Important to know the Underlying Cause
What is infertility?
The definition of infertility differs based on the age of the female trying to conceive because age is the single most influential factor when it comes to fertility. It is generally regarded that female fertility begins to decline after about age 30. This is because females have all of their eggs at birth and over time the reserve of eggs dwindles resulting in a lower number and quality of eggs available. Infertility is defined as not being able to get pregnant after trying for a year. However, this definition is amended to a (more…)
HPV of the Cervix and Vaccines
Human papilloma virus, HPV, is the most common cause of both sexually transmitted infections and of cervical cancer worldwide. This virus is a particularly tricky one, sometimes evading the immune system for years. In addition to hiding from the immune system, it can cause changes to cells of the cervix, called cervical dysplasia. Left unchecked, this dysplasia can lead to cancer. In fact, over 99% of cervical cancer cases can be directly linked to specific high-risk strains of this virus. Annually, (more…)
What is melatonin?
Melatonin is a hormone that is secreted by the pineal gland in the brain and plays a key role in the maintenance of the sleep-wake cycle. In addition to its function regarding sleep, melatonin has been proposed to have many varied properties as it also functions as an antioxidant and anti-inflammatory. Because of melatonin’s diverse characteristics, it has been studied for a (more…)
Roughly 1 in 8 women will develop breast cancer in her lifetime. With this outstanding number in mind, many women ponder what can be done to reduce breast cancer risk. While a genetic predisposition for development of cancer cannot be altered there are other factors that can be modified. One such modifiable risk factor is alcohol consumption.
Does alcohol increase risk for development of breast cancer?
Compared to women who drink less than one drink daily, women who regularly drink 1-2 alcoholic drinks per day have a statistically significant increased lifetime risk for the development of breast cancer. This risk further increases when consumption exceeds 3 drinks per day.
Is it Celiac Disease or Non-Celiac Gluten Sensitivity
Gluten-free eating, cooking, and living has been increasing in popularity over the past decade. Some skeptics consider this a fad, while others swear they feel better eating a strictly gluten-free diet. Gluten-free bakeries and restaurants speckle metropolitan areas,and now even body-care and cleaning products are hopping on the bandwagon, labeling their lotions and scrubs as “gluten-free”. So, is it hype, or is there a medical need for eating sans gluten?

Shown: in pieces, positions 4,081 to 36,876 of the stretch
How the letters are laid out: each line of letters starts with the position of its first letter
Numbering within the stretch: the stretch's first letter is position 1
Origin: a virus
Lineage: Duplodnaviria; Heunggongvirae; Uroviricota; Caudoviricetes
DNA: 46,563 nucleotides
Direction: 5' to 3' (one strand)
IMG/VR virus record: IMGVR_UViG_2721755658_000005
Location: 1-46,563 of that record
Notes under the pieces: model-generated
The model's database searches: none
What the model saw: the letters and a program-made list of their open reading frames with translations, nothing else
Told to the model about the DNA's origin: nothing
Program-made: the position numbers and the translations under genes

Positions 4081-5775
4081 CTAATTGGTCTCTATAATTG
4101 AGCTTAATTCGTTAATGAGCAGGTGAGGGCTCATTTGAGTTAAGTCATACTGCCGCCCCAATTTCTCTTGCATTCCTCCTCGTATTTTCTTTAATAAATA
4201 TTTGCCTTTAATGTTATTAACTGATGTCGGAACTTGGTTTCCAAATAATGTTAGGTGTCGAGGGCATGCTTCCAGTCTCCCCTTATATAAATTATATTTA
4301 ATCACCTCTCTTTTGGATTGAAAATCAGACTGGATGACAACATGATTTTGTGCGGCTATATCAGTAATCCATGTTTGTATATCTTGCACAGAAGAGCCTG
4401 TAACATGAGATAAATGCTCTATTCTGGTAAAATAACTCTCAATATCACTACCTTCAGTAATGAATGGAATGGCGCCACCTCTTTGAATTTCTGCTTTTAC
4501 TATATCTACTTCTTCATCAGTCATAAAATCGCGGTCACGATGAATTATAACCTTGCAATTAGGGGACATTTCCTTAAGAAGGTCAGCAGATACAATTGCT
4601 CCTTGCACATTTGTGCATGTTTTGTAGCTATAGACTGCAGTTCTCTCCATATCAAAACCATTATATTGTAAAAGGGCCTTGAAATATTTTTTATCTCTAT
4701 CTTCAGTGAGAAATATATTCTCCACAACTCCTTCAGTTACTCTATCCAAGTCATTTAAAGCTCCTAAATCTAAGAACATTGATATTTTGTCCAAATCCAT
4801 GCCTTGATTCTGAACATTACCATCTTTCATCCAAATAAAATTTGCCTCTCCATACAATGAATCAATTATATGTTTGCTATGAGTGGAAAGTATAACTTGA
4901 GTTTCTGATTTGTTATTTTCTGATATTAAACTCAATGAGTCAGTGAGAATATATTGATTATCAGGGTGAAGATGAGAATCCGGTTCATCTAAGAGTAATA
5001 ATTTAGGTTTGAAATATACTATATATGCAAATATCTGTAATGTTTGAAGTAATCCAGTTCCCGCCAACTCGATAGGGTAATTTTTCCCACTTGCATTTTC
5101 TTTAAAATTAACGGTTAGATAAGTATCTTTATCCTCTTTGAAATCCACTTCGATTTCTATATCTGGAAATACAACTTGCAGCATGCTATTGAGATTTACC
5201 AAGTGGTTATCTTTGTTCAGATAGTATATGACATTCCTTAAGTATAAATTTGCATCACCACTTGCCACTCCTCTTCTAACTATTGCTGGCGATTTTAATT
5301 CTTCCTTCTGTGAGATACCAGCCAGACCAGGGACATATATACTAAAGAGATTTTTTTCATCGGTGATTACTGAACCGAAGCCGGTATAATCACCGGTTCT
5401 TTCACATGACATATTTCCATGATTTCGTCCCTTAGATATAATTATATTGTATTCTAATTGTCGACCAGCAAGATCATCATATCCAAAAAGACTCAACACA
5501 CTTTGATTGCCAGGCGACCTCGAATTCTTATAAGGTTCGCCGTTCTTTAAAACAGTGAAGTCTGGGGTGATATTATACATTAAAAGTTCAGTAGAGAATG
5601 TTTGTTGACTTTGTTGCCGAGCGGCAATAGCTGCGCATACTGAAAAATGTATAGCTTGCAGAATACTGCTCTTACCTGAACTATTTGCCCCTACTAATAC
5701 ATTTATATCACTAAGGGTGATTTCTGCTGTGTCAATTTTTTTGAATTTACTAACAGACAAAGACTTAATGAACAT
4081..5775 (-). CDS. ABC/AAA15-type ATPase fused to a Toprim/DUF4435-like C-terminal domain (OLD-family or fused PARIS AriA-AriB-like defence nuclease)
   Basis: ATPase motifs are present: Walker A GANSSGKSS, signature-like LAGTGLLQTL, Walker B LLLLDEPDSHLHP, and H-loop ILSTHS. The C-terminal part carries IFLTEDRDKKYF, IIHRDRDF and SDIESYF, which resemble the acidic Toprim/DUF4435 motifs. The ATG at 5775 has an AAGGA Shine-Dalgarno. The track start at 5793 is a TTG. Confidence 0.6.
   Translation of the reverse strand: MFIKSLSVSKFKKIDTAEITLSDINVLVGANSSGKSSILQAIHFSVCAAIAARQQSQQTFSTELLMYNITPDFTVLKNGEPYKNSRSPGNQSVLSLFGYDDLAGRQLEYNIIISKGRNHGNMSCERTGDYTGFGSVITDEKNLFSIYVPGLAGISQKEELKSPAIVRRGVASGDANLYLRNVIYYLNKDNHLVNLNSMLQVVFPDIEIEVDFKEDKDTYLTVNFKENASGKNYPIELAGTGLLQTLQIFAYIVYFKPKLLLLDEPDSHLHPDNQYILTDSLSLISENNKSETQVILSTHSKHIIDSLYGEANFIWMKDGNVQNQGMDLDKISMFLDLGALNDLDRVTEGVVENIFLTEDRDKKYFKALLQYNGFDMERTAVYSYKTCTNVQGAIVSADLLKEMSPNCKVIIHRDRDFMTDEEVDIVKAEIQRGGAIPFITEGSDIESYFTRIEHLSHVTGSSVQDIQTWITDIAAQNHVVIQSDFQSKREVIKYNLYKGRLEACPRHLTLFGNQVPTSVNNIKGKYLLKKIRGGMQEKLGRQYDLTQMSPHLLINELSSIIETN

The endocannabinoid system. This term sounds complex, but it is actually just what it sounds like: the body’s internal (“endo”) system that responds to cannabinoids. The endocannabinoid system (ECS) is so named because it was first discovered when scientists were studying the effects of cannabis on the body.1 The ECS is perhaps most notable for its role in regulating the limbic system, a part of the brain responsible for emotions, motivation, and our stress response. This system responds to our body’s own endogenous cannabinoids, anandamide and 2-AG, and to exogenous cannabinoids. A well-toned endocannabinoid system can help us recover from major stresses, prevent stress-related overwhelm, regulate cortisol levels, and will naturally increase during times of stress.
With the menopause transition comes a change in estrogen levels. That change affects just about EVERYTHING, including sex. Estrogen is responsible for keeping the tissue of the vagina moist and well lubricated. It keeps this tissue plump and healthy and even helps keep the good bacteria in the vagina healthy! When estrogen levels decline, the tissue in the vagina can become dry, thin, less lubricated and less elastic, all of which can cause sex to feel painful or cause a burning or tearing sensation. For some, this pain can be significant enough to deter all interest in sexual activity. Fortunately, there are many things that can be done to protect this tissue and to keep sex (touch and/or penetration) comfortable.
Roughly 75% of reproductive aged females will experience at least one vaginal yeast infection (vulvovaginal candidiasis or VVC), with half of them developing a second episode at some point. Additionally, between 5-9% of these women will go on to develop recurrent vulvovaginal candidiasis, meaning numerous episodes over the course of a year.
June was National Safety Month and it brings to mind an important form of safety that is different from wearing seat belts, applying sunscreen or not talking to strangers. Challenges with mental health, such as those caused by depression, are a significant factor to consider when ensuring a child’s safety.
Imagine running through a field of tall grass and wildflowers, arms spread wide, sunshine on your face and the breeze blowing in your hair. That may sound like an afternoon well spent! For many of us however… the scene I described just sounds like an allergy nightmare! What can one do to start enjoying the outdoors again?